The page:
• claimants are obliged to notify the professional as soon as they think there is a reasonable chance that they are going to make a claim. Once claimants believe that they have grounds for proceeding with a claim they need to send a letter of claim to the professional giving details including the allegations, dates and financial amounts. This gives the professional and the professional's PI insurers the information to begin investigations;
  • professionals are obliged to acknowledge the claimant's notification and letter of claim within 21 days of receiving them. They then have three months in which to investigate the claim, although the claimant is required to agree to any reasonable request for an extension of the three-month period. During this period, both parties are expected to supply any information that is reasonably requested to assist the investigations.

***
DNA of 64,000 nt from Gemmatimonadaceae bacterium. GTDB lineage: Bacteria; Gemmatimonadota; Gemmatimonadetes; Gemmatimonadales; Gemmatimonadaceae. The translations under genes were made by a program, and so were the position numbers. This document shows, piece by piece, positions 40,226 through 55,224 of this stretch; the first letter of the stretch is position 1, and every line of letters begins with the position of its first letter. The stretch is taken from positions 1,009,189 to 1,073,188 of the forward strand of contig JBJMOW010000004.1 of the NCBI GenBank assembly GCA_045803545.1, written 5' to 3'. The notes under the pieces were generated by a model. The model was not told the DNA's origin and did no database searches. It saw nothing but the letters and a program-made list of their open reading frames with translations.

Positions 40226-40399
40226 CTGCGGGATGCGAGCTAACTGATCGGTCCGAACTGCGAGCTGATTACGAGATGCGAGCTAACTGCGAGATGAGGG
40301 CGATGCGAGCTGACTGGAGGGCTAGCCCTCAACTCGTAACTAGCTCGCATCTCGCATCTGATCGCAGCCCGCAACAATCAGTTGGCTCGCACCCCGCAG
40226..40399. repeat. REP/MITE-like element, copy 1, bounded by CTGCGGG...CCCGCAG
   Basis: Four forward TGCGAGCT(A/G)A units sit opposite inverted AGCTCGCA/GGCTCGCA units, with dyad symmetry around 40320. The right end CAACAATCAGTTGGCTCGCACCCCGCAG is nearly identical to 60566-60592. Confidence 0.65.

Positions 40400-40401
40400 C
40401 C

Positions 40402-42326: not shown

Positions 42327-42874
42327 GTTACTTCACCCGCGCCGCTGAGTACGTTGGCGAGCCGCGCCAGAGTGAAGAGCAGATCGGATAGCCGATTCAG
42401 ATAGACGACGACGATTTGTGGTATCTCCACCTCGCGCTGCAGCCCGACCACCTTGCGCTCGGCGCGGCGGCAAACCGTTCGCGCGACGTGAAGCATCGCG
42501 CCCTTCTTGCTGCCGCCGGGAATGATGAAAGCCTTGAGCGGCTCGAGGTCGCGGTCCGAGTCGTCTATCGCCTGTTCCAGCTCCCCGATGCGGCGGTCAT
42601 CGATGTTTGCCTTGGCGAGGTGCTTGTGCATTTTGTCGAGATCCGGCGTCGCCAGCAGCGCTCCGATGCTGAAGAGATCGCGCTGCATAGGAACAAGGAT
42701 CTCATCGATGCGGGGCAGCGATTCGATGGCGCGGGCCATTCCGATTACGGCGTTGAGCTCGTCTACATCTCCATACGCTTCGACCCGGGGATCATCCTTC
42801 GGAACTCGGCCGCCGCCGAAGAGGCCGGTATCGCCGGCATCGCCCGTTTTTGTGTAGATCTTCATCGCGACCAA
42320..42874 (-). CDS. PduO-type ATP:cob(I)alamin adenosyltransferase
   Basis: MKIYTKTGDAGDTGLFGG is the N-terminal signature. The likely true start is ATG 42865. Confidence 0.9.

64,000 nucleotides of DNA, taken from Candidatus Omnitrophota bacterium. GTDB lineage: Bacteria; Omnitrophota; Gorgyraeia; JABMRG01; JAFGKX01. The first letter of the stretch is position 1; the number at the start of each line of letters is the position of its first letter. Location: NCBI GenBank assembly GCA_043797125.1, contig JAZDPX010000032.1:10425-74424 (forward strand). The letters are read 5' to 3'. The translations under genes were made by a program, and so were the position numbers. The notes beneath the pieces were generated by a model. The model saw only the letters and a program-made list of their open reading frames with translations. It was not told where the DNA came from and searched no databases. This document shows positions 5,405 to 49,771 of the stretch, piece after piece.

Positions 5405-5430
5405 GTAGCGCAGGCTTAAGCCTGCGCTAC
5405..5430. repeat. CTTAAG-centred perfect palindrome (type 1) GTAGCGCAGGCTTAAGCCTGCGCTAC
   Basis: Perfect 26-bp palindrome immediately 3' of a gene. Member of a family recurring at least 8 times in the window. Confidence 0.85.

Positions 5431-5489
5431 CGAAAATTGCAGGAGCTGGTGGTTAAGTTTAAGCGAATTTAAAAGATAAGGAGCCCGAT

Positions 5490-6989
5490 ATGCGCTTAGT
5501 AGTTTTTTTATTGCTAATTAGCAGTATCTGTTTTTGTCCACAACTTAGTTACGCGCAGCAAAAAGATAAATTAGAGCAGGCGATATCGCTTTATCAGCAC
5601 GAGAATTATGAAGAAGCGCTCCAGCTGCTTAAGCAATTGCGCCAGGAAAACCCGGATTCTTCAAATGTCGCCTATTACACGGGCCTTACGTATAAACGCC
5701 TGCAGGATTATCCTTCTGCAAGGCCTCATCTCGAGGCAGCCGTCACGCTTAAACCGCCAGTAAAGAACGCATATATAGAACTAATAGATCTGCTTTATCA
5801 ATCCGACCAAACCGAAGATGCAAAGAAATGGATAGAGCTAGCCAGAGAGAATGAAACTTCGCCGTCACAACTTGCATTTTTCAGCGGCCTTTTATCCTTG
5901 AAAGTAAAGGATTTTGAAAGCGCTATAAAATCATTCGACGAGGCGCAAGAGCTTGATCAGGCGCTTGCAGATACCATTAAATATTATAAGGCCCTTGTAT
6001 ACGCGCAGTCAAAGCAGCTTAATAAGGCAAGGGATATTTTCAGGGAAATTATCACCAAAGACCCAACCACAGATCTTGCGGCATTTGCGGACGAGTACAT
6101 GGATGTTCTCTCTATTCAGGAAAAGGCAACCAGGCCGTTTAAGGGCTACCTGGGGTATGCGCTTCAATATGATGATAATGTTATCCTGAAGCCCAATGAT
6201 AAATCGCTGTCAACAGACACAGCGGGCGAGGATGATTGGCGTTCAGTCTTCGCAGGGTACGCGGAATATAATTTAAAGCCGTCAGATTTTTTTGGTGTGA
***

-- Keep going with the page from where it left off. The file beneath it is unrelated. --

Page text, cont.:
After the investigations have been completed, the professional (or the professional's PI insurers) should write to the claimant with a letter of response and/or a letter of settlement. The letter of response is a ‘reasoned answer to the claimant's allegations'. If a settlement is being proposed, then a letter of settlement should be sent to the claimant detailing those issues that remain in dispute and those that do not.

    After the letter of response or letter of settlement, if the claim is denied in its entirety and there is no letter of settlement to leave the door open for negotiations, the claimant may commence proceedings. Otherwise the parties should aim to conclude negotiations and reach agreement over the outstanding issues within six months from the date of the acknowledgement. If after that time the parties have not reached agreement, and if they cannot agree a further extension, then the claimant can commence proceedings.

    Possible implications

  • Flexibility. Although the protocol sets out a clear timetable for pre-action behaviour, it also demands flexibility and responsibility from the two parties, for instance, in terms of negotiating and agreeing necessary extensions to timescales, the deployment and remuneration of separate or joint experts and the use of some form of alternative dispute resolution.